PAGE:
Why do folks seem to have a hate relationship with email? Everyone is determined to find some sort of Holy-Grail-quick-and-easy-elusive secret to managing it. Articles, blogs, books, and live presentations rage about its inefficiency and its sinister intentions of blowing up your productivity for days on end. It keeps you from “turning off”, messes with your protected time, increases anxiety… and so I dive in today with my own take.
I happen to really like email. A lot. I check it in the morning (and also the afternoon), and I’ve never had anything close to Inbox Zero. It is one of a set of key communication tools I use, and I encourage my clients to make friends with it. You can call me old-school, but despite the rise of texting and messaging, I don’t believe email is going anywhere anytime soon. You may not use it as much for personal communication, but in the workplace, it’s still ubiquitous.
I’m glad that it is. Email is a perfect opportunity to think through what you want to communicate - rather than blurting it out in a live conversation. Used effectively, email is a way to expertly craft and organize thoughts, questions, and ideas in a way that allows the recipient of those thoughts, questions, and ideas to do the same. It’s also an excellent way to create a timeline of information. Some are even sentimental about old emails (check out this neat website I found: https://mobisocial.stanford.edu/muse/).
But still, I’m very aware that many of us have thousands of unread and archived messages, and that trying to read, respond, and manage them all can very easily spiral out of control. Aside from turning off those notifications (you all have your notifications turned off, right?), spending an hour or two a day processing it, or just ignoring it altogether (not recommended) what can you do about email clutter? Here’s what’s worked for me:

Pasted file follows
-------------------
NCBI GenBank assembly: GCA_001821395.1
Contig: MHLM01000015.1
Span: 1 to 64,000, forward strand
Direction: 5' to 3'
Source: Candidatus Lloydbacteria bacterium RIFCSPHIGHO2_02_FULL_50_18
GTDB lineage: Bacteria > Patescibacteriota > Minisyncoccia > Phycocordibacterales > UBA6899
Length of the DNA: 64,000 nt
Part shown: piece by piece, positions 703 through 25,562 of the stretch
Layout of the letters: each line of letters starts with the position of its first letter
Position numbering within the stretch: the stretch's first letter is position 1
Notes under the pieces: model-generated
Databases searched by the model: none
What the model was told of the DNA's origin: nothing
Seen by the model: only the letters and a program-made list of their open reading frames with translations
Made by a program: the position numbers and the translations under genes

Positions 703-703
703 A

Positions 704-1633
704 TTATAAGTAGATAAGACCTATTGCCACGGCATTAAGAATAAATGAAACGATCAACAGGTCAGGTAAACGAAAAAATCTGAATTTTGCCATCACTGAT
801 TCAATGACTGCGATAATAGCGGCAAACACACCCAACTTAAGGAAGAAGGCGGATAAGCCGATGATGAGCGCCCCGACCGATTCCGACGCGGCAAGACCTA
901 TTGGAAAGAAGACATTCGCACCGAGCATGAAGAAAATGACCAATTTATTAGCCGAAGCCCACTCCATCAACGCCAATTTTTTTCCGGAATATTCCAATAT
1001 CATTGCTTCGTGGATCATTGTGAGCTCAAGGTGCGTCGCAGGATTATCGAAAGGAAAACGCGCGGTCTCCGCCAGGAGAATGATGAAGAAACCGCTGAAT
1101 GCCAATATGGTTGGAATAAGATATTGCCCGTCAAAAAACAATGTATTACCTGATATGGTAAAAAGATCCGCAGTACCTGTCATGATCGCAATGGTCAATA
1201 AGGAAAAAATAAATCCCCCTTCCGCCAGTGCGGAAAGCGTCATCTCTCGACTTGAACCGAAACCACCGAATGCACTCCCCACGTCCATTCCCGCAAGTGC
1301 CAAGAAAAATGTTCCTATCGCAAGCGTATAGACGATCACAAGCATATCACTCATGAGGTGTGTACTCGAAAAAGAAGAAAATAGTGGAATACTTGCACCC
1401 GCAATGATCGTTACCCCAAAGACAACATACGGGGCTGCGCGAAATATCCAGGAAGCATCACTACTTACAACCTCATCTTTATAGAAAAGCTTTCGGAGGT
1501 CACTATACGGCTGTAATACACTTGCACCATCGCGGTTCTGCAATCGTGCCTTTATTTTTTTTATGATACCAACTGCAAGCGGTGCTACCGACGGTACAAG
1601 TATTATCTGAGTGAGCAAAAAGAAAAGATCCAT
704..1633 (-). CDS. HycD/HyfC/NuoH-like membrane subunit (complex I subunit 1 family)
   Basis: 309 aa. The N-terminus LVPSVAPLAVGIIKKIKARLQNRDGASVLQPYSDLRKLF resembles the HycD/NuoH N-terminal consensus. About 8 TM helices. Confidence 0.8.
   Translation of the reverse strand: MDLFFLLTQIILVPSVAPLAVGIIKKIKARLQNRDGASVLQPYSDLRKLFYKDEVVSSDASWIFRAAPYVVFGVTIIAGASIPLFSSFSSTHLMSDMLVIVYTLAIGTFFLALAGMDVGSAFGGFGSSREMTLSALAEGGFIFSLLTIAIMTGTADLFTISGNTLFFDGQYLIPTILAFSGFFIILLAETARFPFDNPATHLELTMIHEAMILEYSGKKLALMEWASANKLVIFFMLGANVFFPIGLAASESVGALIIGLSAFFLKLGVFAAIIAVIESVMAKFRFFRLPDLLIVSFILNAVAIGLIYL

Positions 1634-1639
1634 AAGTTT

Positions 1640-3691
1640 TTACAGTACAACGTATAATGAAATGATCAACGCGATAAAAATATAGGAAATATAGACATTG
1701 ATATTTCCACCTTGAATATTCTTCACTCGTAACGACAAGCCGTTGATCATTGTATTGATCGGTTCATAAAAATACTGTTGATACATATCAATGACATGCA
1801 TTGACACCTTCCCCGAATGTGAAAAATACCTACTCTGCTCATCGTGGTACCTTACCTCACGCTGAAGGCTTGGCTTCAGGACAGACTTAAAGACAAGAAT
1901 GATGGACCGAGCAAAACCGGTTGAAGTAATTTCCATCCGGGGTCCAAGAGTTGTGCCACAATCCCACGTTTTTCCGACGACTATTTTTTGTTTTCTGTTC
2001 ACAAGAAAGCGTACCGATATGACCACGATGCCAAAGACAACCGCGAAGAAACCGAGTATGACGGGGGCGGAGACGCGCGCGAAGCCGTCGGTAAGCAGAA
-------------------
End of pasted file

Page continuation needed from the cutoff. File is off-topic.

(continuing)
Sometimes people just want to be acknowledged.
For something a little outside the box, try improving your typing skills. Really. Watching some of my clients attempt to get around on their keyboards with the facility of a three-toed sloth makes me kind of sad, and it’s no wonder they hate email (and their computers, for that matter). For those of you who spurned high school typing class, check out: http://www.typingstudy.com/. Curious about your speed? Try www.typingtest.com.
These certainly aren’t the only possibilities for staying in a healthy relationship with your inbox, but they’re a decent start. What tips or tricks do you have for keeping email organized and happy?
Sara Skillen - Certified Professional Organizer®, Certified Organizer Coach®, wife, mom, and serial list-maker. Learning to trust my intuition more every day. Shall we work together?